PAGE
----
Film - The Man Who Killed Don Quixote


Today is a marvellous day for adventures indeed, as Steve Taylor-Bryant learns enough Spanish to watch The Man Who Killed Don Quixote on Blu-ray...

After nearly thirty years Terry Gilliam finally got to make his passion project, The Man Who Killed Don Quixote, and I… well, I had to wait another year because in typical Gilliam style nothing is easy and a court case over production rights meant that only certain parts of the world got to view Gilliam’s latest. I would still be waiting if it wasn’t for stumbling across a Spanish Blu-Ray release and so, like Gilliam takes risk, I too took one and just hoped that the Spanish disc would be okay, and that I wouldn’t have to learn another language to finally be able to say I had seen The Man Who Killed Don Quixote. I put the disc in and with Google translate I managed to navigate the menu enough to make the film play in English without subtitles that aren’t part of the film and now I just had to overcome my nerves enough to press play. Yes, I was nervous. Terry Gilliam is my all-time favourite filmmaker, he tells stories that just resonate with me in some way, mainly they allow me to be an adult whilst living out a child’s fantasy life for a few hours, but after nearly three decades, multiple casting issues, sadly first choice for Quixote Jean Rochefort and modern day choice of John Hurt both passed away, would this film just be Gilliam throwing everything at getting it made just so he could say he had done it? Or would it actually be watchable? I really shouldn’t have worried and my nerves quickly dissipated.

For those of you that have somehow managed to get through life with no idea about Gilliam’s struggles to get this movie made, the film is quite mad but basic in its initial plot. Toby, here played by Adam Driver, is the egotistical and cynical star director of the marketing and advertising world planted in Spain to use the idea of Don Quixote to sell insurance or some other nonsense. Surrounded by pandering assistants and worn out and stressed producers and under the watchful eye of the aggressive Boss (Stellen Skarsgard) and his model wife Jacqui (Olga Kurylenko) whose hobby seems to be trying to bed Toby, Toby struggles to get his vision onto the screen. A counterfeit DVD sold by a local gypsy of Toby’s student film from ten years earlier, titled The Man Who Killed Don Quixote, sends Toby back to a simpler time where he made art for fun. Deciding to get a break Toby returns to the small Spanish village where he cast his student film to see if the young girl Angelica (Joana Ribeiro) or the old shoemaker who he cast as Don Quixote (Jonathan Pryce) were still around. He discovers that Angelica is in an abusive relationship with the Russian Oligarch Alexei Milskin (Jordi Molla) and Don Quixote thinks he is Don Quixote and mistakes Toby for his trusted sidekick Sancho. An adventure starts that sees Toby arrested, freed by Quixote who attacks the police, and slip in and out of the Sancho role as the heat and conditions start to take an effect on him, culminating in a huge medieval party that is just pure Gilliam.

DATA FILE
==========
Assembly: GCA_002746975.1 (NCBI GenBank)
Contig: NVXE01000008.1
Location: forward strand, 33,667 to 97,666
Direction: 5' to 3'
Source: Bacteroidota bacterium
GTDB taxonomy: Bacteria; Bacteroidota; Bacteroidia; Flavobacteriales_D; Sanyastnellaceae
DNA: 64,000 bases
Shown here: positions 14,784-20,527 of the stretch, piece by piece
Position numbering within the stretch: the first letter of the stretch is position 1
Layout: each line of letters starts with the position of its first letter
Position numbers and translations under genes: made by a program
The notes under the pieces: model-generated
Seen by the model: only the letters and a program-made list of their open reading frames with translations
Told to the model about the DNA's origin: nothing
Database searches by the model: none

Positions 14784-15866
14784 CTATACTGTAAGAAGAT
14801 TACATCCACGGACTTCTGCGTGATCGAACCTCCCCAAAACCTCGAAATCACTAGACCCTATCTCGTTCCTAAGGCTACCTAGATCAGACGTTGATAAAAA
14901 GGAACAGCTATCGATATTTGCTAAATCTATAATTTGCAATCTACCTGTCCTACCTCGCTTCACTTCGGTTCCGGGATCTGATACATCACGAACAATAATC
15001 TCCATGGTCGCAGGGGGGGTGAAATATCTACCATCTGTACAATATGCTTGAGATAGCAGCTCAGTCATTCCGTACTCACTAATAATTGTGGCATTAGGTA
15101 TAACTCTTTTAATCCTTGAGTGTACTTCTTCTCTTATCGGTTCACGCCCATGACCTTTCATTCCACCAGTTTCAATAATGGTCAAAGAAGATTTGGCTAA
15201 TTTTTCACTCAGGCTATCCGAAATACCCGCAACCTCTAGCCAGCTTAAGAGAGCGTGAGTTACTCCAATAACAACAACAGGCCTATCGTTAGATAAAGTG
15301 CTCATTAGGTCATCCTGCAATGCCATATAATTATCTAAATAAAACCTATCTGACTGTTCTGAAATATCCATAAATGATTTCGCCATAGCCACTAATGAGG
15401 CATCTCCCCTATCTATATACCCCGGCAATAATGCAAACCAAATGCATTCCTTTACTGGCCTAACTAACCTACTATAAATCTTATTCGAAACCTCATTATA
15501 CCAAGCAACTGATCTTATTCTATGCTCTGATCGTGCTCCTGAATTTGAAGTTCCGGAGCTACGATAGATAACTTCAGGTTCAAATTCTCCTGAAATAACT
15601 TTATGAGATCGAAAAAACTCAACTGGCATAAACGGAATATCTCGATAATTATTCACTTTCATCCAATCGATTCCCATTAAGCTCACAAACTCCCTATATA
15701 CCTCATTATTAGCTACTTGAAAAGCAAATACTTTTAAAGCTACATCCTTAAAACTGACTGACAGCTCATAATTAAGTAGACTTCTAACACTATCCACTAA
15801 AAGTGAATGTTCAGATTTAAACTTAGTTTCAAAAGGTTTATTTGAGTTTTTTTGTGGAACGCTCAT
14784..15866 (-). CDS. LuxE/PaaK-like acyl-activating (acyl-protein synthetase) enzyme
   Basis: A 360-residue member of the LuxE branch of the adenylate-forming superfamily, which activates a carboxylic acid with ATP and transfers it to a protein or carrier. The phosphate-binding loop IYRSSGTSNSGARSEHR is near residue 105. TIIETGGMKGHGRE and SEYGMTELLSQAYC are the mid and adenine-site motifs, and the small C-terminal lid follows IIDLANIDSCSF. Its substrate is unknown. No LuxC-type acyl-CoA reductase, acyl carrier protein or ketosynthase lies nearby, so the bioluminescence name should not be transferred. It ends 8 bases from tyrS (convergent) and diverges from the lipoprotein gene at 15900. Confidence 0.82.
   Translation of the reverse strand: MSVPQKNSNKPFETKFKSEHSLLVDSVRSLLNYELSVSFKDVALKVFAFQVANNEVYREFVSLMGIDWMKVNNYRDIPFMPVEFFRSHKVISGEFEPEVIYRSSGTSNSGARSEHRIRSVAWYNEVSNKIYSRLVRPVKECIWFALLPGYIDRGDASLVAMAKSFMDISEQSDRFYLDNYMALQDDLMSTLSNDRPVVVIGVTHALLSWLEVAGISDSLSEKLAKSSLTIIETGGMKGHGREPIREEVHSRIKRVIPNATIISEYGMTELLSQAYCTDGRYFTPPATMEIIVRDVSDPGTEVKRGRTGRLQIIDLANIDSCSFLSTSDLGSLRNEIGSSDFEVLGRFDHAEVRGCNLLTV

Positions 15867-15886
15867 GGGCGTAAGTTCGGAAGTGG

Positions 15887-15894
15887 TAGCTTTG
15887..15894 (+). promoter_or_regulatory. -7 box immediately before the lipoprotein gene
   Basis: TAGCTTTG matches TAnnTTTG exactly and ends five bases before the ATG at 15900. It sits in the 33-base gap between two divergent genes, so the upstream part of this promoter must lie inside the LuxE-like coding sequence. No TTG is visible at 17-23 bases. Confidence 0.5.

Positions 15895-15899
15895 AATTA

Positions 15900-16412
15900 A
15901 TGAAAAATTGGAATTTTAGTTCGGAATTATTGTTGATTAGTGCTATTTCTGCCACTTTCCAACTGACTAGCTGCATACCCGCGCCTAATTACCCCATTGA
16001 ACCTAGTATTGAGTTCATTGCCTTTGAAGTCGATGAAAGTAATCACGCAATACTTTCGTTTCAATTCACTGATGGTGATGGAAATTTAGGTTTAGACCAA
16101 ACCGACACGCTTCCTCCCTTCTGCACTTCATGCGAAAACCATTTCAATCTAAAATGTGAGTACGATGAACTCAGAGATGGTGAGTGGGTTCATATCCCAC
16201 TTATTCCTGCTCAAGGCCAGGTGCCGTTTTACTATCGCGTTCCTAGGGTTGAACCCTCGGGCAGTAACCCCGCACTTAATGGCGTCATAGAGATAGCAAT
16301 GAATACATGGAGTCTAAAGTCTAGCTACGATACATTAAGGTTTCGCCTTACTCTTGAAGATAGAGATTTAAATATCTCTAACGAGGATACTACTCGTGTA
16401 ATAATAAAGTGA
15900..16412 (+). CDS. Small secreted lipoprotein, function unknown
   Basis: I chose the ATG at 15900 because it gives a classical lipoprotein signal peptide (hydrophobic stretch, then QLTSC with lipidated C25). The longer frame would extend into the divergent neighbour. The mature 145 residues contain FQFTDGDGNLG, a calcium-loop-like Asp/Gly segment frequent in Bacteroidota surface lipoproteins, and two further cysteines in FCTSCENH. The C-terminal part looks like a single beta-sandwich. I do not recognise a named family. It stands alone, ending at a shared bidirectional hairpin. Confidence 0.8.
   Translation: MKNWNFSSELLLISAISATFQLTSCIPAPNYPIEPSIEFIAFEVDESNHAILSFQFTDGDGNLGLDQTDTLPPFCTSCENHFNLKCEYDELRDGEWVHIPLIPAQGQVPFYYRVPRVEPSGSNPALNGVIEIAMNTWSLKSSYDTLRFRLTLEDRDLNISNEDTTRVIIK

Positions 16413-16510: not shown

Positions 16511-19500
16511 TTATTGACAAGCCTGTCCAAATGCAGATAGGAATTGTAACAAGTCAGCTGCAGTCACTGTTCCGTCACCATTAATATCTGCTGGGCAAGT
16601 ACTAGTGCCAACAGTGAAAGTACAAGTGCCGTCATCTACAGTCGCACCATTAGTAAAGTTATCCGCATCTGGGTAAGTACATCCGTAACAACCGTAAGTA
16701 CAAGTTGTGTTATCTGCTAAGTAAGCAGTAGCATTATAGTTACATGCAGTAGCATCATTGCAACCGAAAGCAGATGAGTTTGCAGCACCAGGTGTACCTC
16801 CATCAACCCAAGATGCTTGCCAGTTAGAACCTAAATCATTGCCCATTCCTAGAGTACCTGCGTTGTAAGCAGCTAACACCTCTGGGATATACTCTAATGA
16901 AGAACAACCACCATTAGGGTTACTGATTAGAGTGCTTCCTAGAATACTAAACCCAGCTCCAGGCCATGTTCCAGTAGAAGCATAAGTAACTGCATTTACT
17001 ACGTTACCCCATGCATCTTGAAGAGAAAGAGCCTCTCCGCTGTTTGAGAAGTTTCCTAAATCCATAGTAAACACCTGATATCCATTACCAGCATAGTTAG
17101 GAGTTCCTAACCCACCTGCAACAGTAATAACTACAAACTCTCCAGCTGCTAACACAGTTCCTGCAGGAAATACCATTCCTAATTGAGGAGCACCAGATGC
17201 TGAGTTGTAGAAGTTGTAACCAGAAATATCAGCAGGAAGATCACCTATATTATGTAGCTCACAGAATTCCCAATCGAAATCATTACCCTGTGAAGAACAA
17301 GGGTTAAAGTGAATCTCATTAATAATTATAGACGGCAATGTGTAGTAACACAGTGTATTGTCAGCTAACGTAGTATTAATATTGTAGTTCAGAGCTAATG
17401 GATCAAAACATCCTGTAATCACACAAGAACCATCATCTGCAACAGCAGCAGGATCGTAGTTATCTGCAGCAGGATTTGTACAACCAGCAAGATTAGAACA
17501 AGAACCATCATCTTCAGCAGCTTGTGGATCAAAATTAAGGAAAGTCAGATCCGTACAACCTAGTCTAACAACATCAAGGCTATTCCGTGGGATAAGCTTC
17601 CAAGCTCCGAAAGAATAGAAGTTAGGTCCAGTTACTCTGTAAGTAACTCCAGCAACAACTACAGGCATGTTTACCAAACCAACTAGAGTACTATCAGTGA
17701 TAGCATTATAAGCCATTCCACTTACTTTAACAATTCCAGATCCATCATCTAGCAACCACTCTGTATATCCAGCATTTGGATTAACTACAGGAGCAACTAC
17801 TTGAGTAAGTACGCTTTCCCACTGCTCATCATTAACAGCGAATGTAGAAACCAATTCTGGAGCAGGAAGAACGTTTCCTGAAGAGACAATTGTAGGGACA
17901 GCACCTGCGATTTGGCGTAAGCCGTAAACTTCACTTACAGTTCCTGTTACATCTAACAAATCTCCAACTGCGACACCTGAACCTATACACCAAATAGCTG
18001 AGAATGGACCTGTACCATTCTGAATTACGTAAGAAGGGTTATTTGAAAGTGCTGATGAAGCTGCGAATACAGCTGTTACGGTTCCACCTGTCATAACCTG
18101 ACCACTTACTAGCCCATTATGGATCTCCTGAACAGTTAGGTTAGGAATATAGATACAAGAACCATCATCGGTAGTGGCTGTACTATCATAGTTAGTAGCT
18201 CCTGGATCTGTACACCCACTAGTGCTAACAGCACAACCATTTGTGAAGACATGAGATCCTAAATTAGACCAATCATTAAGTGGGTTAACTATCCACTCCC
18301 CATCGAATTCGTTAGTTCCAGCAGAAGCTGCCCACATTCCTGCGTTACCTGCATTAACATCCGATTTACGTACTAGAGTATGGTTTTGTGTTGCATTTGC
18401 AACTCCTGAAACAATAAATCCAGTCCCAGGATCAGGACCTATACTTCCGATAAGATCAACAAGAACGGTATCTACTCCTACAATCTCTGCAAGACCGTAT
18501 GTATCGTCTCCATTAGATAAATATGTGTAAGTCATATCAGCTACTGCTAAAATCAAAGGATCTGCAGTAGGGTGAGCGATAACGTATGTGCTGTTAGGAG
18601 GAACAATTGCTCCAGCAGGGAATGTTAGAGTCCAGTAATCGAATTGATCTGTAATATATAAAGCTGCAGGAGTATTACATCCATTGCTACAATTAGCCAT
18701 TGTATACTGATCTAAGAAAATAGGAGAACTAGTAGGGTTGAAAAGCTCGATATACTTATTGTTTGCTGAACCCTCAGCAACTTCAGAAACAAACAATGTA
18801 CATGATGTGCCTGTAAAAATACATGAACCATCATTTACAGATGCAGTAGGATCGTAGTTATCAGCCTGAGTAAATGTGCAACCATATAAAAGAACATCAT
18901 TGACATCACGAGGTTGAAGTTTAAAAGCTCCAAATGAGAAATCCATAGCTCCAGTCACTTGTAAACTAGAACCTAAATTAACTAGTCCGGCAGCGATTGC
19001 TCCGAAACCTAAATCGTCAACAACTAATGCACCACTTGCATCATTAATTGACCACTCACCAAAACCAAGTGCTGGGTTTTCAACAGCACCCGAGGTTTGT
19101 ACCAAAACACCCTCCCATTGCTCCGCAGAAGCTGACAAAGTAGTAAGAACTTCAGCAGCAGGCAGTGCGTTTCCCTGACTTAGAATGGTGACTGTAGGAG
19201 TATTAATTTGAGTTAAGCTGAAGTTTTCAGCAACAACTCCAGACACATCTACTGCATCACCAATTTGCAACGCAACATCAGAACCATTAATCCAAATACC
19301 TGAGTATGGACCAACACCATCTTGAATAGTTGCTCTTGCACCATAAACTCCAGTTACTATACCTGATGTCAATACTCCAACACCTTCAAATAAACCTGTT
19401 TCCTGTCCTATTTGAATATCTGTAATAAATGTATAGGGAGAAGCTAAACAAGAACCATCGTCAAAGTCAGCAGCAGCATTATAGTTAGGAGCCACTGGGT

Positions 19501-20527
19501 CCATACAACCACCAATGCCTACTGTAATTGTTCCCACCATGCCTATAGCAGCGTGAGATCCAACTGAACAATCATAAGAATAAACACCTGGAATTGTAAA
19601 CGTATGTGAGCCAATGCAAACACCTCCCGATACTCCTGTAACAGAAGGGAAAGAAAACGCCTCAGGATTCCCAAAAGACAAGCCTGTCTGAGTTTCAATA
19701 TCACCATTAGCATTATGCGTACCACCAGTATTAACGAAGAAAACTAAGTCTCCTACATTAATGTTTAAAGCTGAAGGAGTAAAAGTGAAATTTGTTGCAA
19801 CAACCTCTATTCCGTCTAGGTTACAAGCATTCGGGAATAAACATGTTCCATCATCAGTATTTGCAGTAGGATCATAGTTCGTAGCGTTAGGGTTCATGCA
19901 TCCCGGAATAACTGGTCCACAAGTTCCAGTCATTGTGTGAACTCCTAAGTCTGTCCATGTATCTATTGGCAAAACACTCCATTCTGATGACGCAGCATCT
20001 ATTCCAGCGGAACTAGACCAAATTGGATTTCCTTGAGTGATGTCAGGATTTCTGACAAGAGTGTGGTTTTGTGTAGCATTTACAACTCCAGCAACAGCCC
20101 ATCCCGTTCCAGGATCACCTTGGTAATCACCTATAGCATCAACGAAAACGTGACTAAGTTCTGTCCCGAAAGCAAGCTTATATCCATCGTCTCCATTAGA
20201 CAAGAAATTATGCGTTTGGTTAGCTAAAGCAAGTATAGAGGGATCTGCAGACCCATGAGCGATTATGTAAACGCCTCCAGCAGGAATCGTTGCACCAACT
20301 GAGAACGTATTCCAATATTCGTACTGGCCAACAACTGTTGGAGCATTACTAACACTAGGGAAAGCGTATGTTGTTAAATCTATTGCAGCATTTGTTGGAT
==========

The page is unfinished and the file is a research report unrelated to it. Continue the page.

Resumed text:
The Man Who Killed Don Quixote is just wonderful. It is charming, and funny, and sad. It has nods to Gilliam himself and to his struggle to get the film made at all. It has wonderful nods to Lost in La Mancha, the documentary that chronicled Gilliam’s first attempt to make this film with Rochefort and Johnny Depp, (read my review on that here). It pokes its nose at the state of modern politics. But most of all it takes you on multiple journeys; through greed not being good for the soul, through an unlikely friendship, and it tells a love story, conventionally about Toby and Angelica, but also about the relationship between Toby and his creation Don Quixote, and about Quixote from the book and Sancho. The oldy-worldly looking windmills that Quixote tilts at set against a backdrop of modern-day windfarms, and the way the stories told affect the characters means they are all right, Don Quixote will live forever.

Jonathan Pryce as Don Quixote is just perfect in the role and gives you one of the best performances of his already illustrious career, backed up by Adam Driver who impresses me more and more every time I see him on screen. They are famously not the first choices for their respective roles, but I promise you it was worth the wait to see these two men play the parts that maybe they were born to perform.

Terry Gilliam has taken an ambitious modern interpretation of Cervantes hero and created a modern-day masterpiece that had me giving a one-man standing ovation in my living room and I can only hope you all get to experience the adventure of Terry Gilliam’s, and also my, lifetime.

Follow Steve on Twitter @STBwrites

Image - IMDb

Note: The Blu-ray below is the Spanish one that Steve watched. The film has not yet been released in the UK. Booooo to the UK distributors.